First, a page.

The connection between travel and translation is often evoked in contemporary critical theory, both practices seen as metaphors of mobility and flux linked to globalized 'post-modern' society. Travel is a multiple activity, encompassing temporary and voluntary displacement, repeated movement, exile, economic migration, diaspora. Places of origin are often plural and unstable, in spite of the enduring appeal of traditional labels such as 'mother country' or 'patrie'.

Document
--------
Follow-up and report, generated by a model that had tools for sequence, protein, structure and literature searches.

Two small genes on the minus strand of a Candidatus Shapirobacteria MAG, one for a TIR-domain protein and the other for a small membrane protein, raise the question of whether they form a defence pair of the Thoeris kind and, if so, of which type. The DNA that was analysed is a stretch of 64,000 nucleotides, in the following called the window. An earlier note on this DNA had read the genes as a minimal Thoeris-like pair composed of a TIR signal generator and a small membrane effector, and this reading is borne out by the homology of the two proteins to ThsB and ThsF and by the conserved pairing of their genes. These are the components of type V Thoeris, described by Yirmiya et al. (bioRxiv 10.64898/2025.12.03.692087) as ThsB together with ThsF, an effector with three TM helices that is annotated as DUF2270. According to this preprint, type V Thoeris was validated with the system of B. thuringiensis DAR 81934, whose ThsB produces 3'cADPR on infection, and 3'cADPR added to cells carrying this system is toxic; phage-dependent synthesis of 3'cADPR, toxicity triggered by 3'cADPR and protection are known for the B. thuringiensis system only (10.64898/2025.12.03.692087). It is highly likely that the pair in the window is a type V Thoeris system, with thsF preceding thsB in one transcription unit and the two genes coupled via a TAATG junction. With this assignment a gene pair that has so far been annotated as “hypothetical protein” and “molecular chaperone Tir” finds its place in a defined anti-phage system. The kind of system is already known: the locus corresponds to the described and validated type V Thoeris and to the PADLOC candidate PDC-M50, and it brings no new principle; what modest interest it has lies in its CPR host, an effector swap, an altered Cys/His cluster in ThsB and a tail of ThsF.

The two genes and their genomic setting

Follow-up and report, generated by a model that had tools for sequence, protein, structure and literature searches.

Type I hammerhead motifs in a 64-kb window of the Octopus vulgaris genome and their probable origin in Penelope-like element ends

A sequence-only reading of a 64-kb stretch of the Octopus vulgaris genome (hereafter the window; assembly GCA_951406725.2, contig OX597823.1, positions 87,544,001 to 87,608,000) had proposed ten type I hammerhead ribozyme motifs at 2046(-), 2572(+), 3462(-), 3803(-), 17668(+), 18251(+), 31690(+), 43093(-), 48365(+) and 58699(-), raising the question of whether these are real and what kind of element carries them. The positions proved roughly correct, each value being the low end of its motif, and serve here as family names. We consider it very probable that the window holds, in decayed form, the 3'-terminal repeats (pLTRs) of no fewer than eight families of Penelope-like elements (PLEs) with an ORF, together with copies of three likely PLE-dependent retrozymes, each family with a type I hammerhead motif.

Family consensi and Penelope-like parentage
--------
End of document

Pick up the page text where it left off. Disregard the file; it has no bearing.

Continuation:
The multiple interfaces between translation, travel and migration are the focus of all contributions in this special issue. Starting from different points of view, and using a variety of methodologies, the authors raise fundamental questions about the way in which we perceive the link between language, national or ethnic identity, and individual voice. Topics range from the interaction between travel, travel narratives and translation in early English representations of China, to the special role played by interpreters in mediating the first contact between a literate and a non-literate culture; from the multiple functions and audiences addressed by contemporary Romani literature and its translation, to the political as well a cultural implications of translating popular music across the Bosporus. A number of the articles focus on detailed textual analysis, covering the intersection between exile, self-translation and translingualism in the work of Manuel Puig; the uses and limitations of translation in the works of migrant authors; or the impact on figurations of Europe of experimental work embracing polylingualism. Collectively, these contributions also underline the importance of a closer examination of our assumptions about who the translators and the interpreters are, and what roles they play in our society.